It was in November 2014 that the Russian authorities turned their attention to Deti-404 in what has become the most symbolic example yet of how the limitations being placed on the country’s LGBT community in the “real world” are now also being imposed online. 13 The country’s media watchdog, Roskomnadzor, opened a case against Klimova for breaking the anti-gay propaganda law. “The information uploaded onto the community site is mostly geared towards creating a positive image of non-traditional sexual relations in the eyes of children, to make them seem equivalent and, in some cases, superior to traditional ones,” its report said. Klimova was fined 50,000 rubles (USD 857, or twice the average Russian monthly salary). An appeal against the fine was meant to be heard on 6 April but, on arriving at court, Klimova found it had already been upheld at a secret session on 25 March to which she had not been invited. St. Petersburg lawmaker Vitaly Milonov has already demanded that the site be shut down. 14 Now that Klimova has been tarred through the failure of her legal appeal as someone spreading “gay propaganda”, the path is clear for Roskomnadzor to block her site whenever it wishes.

Nor is Deti-404 alone in finding itself under attack. In some cases the limitations being placed on the LGBT community in the digital sphere border on the farcical. The game The Sims 4, for example, was banned in Russia from being sold to anyone under the age of 18, as it historically allows same-sex relationships in-game. 15 Then there was the denouncing of the new U2 album distributed free by Apple as part of its iTunes update – the cover image was criticised for being gay propaganda as it showed a man with a shirtless 18-year-old boy. It was in fact the group’s drummer, Larry Mullen, embracing his son, Elvis. 16 But the ridiculous nature of such examples should not hide the increasingly ubiquitous nature of what is occurring. The newspaper Molodoi Dalnevostochnik (“Young Dalnevostochnik”) was fined for publishing a story about a gay teacher as in it he was quoted as saying that “homosexuality is normal.” 17 During the 2014 Winter Olympics in Sochi a gay dating app was banned.18 But, like Deti-404, these are just the high-profile cases. Perhaps the most disturbing element of the online LGBT repression occurring in Russia today is the daily, usually unreported and often highly organised hunt for anything, however large or small, appearing on the internet which could be tarred as “non-traditional”.

Late last year a cartoon started to spread on Russian social networks of a long-haired, bearded man clutching a rainbow flag being crushed by a giant hand, while a little boy in green overalls looked on. 19 Its caption read: “Any virus must be crushed instantly! LGBT, drug dealers and the propaganda of perverts are calling for the destruction of our future.” The cartoon was created by MediaGvardia, a new pro-Kremlin youth organisation whose stated aim is to purge the internet of anything that could ‘“corrupt’” children. It quickly recruited 4,000 online volunteers to monitor any new material appearing. So far this digital army has filed complaints against 18,767 sites and successfully had 2,475 of them closed. It was MediaGvardia that mobilised the opposition to Deti-404 that enabled Roskomnadzor to act.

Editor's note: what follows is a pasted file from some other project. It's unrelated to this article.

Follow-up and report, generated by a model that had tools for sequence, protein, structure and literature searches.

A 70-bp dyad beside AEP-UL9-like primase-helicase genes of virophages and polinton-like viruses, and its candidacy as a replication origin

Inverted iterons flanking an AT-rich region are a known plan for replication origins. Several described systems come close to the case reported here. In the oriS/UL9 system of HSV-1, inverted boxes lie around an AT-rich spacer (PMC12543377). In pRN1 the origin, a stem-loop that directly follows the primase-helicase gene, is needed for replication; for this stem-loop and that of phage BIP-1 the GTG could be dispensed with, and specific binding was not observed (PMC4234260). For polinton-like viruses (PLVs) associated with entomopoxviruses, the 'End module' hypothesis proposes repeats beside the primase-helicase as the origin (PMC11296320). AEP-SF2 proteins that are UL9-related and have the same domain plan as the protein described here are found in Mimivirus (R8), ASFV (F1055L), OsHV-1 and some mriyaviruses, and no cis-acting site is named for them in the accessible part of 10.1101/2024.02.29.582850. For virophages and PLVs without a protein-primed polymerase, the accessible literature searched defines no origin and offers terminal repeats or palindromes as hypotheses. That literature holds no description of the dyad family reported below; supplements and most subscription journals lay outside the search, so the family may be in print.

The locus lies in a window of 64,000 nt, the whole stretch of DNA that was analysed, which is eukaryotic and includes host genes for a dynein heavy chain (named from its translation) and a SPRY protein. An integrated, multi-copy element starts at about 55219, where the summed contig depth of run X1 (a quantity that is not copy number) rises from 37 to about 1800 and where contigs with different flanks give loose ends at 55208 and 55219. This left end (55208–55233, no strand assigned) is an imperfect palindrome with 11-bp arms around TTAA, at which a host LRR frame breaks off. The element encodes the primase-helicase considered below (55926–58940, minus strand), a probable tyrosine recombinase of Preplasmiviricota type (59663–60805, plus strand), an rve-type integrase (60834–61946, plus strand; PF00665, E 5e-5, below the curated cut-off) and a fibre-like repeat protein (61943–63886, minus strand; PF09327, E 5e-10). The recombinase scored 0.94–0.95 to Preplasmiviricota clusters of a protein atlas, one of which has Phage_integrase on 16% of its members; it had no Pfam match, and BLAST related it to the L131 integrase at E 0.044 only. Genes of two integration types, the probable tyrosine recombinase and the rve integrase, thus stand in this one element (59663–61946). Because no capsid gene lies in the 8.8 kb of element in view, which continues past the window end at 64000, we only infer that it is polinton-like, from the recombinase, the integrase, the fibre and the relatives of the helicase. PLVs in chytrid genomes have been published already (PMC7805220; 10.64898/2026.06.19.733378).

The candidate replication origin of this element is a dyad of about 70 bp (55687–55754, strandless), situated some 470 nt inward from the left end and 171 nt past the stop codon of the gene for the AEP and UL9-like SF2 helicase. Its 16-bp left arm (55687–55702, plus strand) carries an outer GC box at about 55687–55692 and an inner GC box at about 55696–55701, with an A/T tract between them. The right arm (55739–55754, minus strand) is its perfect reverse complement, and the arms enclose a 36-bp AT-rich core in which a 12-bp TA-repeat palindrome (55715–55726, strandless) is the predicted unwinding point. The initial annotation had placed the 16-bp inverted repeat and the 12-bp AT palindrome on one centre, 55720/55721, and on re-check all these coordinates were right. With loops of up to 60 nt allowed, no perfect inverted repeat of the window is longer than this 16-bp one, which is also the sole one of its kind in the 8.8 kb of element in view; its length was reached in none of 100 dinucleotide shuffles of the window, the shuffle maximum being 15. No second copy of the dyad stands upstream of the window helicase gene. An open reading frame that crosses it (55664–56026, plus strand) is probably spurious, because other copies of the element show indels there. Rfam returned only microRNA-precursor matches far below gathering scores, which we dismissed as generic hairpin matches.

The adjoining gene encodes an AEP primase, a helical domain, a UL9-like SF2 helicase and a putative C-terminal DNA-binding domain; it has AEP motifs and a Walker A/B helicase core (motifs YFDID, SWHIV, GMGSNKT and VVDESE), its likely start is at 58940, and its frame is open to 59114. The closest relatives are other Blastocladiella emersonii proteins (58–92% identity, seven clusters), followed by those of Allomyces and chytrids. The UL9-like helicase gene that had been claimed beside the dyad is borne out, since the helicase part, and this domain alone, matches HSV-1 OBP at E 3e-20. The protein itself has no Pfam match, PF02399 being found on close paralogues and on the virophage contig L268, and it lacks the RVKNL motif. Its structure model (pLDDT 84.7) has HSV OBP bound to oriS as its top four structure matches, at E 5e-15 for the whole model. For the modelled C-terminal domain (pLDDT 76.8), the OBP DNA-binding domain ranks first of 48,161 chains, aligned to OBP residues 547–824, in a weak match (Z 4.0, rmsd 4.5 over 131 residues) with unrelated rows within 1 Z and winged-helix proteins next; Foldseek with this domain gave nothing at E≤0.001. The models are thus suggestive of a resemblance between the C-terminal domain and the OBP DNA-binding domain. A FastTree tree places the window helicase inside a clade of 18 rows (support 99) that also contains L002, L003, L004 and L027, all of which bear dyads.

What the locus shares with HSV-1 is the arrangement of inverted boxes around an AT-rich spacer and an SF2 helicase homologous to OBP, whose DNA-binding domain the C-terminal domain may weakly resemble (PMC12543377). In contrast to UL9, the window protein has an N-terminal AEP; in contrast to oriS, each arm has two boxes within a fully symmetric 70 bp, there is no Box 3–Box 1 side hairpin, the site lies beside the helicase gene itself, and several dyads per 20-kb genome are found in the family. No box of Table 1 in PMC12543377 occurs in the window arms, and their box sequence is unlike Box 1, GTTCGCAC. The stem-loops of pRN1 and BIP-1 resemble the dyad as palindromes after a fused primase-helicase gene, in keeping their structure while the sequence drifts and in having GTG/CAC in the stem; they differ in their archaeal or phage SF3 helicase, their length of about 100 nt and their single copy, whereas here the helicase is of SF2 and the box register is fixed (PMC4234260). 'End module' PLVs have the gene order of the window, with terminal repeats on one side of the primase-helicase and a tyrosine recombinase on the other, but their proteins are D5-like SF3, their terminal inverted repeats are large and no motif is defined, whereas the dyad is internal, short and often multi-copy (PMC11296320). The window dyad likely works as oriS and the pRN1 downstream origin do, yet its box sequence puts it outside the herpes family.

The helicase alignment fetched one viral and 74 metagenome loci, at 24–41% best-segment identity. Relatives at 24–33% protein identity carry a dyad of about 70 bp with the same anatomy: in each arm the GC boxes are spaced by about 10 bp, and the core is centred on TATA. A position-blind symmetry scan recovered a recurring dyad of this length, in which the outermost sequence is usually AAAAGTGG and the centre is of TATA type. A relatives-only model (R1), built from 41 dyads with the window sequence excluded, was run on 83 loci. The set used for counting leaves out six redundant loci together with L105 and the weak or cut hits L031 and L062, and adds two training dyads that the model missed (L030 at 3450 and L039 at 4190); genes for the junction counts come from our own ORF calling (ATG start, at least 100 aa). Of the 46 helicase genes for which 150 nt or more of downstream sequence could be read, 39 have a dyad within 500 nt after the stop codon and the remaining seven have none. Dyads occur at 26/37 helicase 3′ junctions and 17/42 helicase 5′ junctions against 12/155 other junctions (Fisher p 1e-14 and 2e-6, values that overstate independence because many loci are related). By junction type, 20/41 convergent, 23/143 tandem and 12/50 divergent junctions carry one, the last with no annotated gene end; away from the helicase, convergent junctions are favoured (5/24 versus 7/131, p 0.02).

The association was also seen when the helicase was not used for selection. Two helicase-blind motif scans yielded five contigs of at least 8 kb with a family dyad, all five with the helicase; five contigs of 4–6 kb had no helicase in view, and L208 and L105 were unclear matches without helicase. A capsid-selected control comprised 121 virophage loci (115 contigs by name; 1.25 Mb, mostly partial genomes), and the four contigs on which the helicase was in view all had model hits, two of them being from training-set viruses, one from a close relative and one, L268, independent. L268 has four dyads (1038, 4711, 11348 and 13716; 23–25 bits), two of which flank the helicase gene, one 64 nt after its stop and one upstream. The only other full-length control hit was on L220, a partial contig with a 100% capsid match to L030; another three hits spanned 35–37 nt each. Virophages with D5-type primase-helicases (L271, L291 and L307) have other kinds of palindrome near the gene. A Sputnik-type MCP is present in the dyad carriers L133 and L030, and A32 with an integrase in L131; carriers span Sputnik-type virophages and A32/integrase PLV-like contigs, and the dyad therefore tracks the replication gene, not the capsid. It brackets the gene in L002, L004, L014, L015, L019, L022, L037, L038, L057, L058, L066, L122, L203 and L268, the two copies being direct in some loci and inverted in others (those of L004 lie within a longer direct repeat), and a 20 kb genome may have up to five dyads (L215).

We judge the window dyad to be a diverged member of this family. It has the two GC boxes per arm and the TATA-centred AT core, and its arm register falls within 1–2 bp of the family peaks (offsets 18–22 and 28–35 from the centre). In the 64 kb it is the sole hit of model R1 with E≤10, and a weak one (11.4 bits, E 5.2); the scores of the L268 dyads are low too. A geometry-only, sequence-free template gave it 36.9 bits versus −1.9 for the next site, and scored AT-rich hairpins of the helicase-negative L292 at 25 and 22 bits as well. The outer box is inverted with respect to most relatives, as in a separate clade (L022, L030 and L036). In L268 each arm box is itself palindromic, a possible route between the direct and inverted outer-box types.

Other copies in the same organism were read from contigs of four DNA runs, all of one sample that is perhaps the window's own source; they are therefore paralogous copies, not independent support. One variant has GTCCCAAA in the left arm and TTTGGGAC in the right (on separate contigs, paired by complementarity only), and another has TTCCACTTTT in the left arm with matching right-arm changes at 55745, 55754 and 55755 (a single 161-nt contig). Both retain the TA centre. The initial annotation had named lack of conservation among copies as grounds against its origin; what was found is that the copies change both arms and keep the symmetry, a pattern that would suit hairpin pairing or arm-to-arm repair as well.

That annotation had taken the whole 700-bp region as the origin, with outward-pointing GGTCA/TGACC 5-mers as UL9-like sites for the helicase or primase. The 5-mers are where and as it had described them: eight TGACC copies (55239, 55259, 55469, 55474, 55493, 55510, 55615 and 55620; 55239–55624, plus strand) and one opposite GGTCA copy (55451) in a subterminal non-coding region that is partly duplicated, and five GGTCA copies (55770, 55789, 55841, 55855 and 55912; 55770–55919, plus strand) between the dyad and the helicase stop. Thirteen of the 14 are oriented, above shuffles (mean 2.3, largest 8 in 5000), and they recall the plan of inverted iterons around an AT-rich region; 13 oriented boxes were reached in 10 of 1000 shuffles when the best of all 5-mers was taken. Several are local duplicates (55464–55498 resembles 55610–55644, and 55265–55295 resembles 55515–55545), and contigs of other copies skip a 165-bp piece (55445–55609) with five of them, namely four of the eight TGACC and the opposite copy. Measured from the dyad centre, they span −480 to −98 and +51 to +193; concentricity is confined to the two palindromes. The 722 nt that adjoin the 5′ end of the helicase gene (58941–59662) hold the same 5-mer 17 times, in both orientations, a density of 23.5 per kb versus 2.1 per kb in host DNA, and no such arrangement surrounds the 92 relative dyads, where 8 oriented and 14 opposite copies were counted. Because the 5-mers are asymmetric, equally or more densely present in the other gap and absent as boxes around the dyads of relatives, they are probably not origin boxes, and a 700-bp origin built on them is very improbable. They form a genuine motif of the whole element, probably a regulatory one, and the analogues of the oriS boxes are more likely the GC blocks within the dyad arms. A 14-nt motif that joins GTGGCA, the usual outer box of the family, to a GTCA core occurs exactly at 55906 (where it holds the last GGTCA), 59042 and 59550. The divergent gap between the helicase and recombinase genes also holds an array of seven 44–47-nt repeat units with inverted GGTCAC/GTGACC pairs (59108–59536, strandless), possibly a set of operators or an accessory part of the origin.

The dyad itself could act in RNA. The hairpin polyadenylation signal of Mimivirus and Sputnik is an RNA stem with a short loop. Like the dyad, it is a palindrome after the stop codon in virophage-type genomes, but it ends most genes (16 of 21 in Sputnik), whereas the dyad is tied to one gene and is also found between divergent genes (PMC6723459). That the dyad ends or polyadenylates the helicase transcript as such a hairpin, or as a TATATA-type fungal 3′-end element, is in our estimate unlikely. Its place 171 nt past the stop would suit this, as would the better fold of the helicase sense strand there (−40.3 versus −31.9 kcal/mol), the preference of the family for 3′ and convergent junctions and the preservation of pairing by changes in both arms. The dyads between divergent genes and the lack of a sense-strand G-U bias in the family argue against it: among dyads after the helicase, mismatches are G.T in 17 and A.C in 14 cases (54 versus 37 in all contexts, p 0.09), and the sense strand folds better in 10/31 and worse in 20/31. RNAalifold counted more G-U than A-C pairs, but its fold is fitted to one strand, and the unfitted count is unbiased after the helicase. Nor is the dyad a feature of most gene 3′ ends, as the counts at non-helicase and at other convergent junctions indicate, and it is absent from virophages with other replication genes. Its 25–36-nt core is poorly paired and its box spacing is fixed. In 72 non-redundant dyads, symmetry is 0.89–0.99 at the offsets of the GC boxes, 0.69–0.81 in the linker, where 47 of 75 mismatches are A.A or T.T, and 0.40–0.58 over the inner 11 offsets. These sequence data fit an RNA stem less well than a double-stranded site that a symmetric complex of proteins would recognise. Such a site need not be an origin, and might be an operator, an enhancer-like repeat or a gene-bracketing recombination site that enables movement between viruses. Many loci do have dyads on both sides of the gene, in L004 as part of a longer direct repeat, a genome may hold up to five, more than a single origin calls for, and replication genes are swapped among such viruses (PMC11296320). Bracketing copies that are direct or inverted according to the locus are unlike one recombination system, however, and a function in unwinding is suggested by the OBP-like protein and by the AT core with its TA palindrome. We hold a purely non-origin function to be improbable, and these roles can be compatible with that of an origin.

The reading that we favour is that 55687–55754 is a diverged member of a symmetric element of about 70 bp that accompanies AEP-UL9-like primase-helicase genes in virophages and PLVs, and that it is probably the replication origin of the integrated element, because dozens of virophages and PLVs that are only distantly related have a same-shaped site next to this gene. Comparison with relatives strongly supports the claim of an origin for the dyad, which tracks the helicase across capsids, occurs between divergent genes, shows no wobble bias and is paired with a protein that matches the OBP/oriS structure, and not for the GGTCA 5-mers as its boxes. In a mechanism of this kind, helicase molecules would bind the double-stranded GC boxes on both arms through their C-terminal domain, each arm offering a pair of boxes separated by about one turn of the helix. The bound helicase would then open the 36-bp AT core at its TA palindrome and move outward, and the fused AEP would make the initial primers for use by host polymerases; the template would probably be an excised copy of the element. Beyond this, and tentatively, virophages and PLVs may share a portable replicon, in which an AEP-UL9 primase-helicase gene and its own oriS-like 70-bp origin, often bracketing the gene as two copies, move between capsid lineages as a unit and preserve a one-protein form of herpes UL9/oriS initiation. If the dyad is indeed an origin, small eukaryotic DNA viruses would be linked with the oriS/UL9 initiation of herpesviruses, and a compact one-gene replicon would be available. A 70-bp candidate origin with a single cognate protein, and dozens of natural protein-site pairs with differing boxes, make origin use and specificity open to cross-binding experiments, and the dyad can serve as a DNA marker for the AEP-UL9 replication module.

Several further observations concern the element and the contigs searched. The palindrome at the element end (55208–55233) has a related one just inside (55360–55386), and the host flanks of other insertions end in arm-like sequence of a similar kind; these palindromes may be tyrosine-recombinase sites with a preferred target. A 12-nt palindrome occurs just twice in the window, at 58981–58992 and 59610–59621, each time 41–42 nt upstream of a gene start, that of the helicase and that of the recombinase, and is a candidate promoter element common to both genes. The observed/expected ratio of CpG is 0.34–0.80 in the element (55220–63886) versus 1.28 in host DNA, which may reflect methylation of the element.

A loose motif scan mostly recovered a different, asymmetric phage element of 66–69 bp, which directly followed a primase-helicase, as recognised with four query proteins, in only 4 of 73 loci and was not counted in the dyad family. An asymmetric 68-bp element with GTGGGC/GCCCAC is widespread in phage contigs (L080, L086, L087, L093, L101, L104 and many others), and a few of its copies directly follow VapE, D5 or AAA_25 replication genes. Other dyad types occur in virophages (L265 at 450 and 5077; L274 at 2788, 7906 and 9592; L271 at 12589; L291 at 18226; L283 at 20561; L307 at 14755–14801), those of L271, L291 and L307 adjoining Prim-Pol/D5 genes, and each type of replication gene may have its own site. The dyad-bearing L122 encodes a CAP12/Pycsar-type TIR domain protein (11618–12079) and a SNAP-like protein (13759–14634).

And then there are the trolls. It is hard to quantify the scale of this problem but the anecdotal evidence is not only extensive but disturbing. LGBT activists all report receiving regular online abuse. Anti-LGBT groups have also used social media to connect with gay men, posing as potential love interests, before luring them into situations where they will be attacked, a process they refer to as “safaris” using “bait”. 20 Klimova now receives almost as many death threats as letters from the LGBT community. In response she has launched a new online project titled ‘“Beautiful People and What They Say to Me” which is meant to shame those sending such messages. 21 It features publicly available photos of people going about their everyday lives, overlaid with the threatening messages they’ve sent Klimova on Vkontake. 22 It is these messages that fully expose the vitriol that LGBT people in Russia now routinely face, not only in public but online, if they seek to express their sexuality. “I’ll be the first to set fire to the stake you’re going to burn on,” says one. “If I saw you, I’d strangle you with my own hands,” writes another. “Gunning you down, you little bitch, is just the beginning of what you deserve,” is a third.


The online repression of Russia’s LGBT community is not occurring in isolation. The current bias towards conservatism in the country is built into a wide range of domestic and foreign policy initiatives. Indeed the promotion of traditional values was a key element in Putin’s campaign to return to the presidency in 2012. 23 One consequence of this is the lack of educational materials that presently exist in Russia to enable greater understanding of LGBT issues. It is, for example, a widespread view that homosexuality is an illness. This has also impacted on health initiatives. The number of registered HIV cases in children under 14 years of age in Russia jumped by 32% in 2014. Campaigners say that the trend in the under-17 age group is in particular driven by a lack of HIV prevention and education, much of which was previously provided by NGOs run by the LGBT community. 24